Kunsten på Kroppen
|Photos of tattoos,
and presentation of:
Kai Uwe Faust
About Kunsten på Kroppen -
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|Kunsten på Kroppen Visiting Lejre Historical
Land of Legends
Introduction and theories
2000 - 2001 - 2002 - 2003 - 2004 - 2005 - 2006 -
2007 - 2008 - 2009 - 2010 - 2011 - 2012
Erik and Colin at
|Once people learned to use needles, of course they used those, but I am sure that before that, among other things, rose thorns were used. You only have to find the right kind - strong and very sharp. It is also cool that they come with a readymade handle - part of the stem.|
The technique is naturally the same as with needles - you dip the thorn in some colour, and punctures the skin.
The Saturday was quite rainy, so not a lot of people showed up, but we entertained those who did as good as we could.
Among others was this man who got a simple sign symbolizing his family - one large dot surrounded by five little ones.
|Sunday showed the finest sunny
weather, so a lot more people came.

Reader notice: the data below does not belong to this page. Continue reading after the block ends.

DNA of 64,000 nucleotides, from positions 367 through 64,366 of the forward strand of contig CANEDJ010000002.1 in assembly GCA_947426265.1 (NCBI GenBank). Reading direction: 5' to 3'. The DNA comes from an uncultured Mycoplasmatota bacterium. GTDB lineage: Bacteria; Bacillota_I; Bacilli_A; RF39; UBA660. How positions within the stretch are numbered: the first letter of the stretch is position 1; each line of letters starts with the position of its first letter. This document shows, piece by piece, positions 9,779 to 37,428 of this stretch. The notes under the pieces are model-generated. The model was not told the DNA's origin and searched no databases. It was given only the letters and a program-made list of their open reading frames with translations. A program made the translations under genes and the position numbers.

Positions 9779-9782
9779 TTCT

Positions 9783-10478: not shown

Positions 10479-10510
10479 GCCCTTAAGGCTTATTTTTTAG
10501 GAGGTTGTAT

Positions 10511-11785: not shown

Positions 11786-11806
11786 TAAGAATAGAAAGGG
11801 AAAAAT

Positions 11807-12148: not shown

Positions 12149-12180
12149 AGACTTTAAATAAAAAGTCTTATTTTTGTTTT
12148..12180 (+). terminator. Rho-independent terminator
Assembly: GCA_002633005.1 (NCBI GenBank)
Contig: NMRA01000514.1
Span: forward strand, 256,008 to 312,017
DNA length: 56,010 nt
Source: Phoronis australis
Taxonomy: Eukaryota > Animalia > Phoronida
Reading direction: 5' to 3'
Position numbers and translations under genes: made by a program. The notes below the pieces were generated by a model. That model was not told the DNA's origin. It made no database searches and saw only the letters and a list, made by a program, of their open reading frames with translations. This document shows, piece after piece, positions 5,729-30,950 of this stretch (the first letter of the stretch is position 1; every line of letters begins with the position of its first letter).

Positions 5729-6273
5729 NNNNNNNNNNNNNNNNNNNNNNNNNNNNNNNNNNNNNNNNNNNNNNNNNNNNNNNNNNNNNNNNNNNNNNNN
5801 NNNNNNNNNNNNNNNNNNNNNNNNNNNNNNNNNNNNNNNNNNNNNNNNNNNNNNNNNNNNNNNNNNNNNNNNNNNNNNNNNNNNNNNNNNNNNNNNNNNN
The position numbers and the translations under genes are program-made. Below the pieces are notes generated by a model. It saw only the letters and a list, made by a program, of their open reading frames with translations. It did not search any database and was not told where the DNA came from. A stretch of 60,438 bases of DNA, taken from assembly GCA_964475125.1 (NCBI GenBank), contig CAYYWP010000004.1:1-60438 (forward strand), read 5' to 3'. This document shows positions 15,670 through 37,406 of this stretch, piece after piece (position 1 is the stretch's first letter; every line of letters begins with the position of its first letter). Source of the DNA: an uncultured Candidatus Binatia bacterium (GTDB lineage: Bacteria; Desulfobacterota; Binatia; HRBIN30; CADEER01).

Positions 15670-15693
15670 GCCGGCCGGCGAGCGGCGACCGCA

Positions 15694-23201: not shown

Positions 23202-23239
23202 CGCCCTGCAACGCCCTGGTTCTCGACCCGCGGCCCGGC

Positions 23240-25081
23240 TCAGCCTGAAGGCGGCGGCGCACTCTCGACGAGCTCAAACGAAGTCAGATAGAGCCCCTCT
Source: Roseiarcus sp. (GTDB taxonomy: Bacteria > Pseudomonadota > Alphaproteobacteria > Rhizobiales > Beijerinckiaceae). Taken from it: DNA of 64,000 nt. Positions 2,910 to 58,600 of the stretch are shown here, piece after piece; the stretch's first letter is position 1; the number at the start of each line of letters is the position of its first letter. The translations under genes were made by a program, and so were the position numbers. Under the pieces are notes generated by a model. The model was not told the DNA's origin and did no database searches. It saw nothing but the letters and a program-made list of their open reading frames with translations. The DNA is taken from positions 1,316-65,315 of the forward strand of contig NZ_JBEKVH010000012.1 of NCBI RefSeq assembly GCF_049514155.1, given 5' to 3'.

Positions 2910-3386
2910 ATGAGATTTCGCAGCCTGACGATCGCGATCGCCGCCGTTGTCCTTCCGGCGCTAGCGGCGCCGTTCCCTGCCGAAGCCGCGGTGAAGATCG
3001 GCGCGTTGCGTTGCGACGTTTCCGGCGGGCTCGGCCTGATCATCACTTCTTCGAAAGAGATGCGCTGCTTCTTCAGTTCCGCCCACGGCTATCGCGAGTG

Erik in clothes of the iron age.
We held court at the Viking Market Place. We had our own fireplace, and placed an exhibition in one of the large tents.
|I added a petroglyphic design of a man
riding a bull, from the bronze age on Thomas' arm.
On the above photos I am drawing the design on his arm, and then tattooed using rose thorns as needles.
Colin tattooed a runic A on the chest of one big descendant from the Vikings.
The finished tattoo
|Colin had great success drawing Viking inspired dragons on the kids' arms. They were drawn on with a simple felt pen. It was especially popular among the girls.|
Mark is working at the Center, and has been tattooed earlier with fabulous stone age and bronze age designs from both Scandinavia and Native Americans.
Colin has hand tattooed the whole thing.
The motives on the arms (and legs), are from an old symbol, probably used as a tattoo design. It may represent a sun symbol with rays, or a tree with branches and roots.
Two lines were added both the arms and the legs.
The motive on his chest and one arm, are from Native American petroglyphics. On the other arm are running some Scandinavian bronze age dogs. Down from each breast runs a line of dots. A typical tattoo design among the Cree tribe.
René churned some charcoal from the campfire. We then used it as colour for his tattoo. It worked fine.
In one of the tents we made a little exhibition about the history of tattooing, and photos of some of the tattoos we have done with ancient historical designs.
This is the final stage in
the story of our weekend in
Lejre Historical Research Center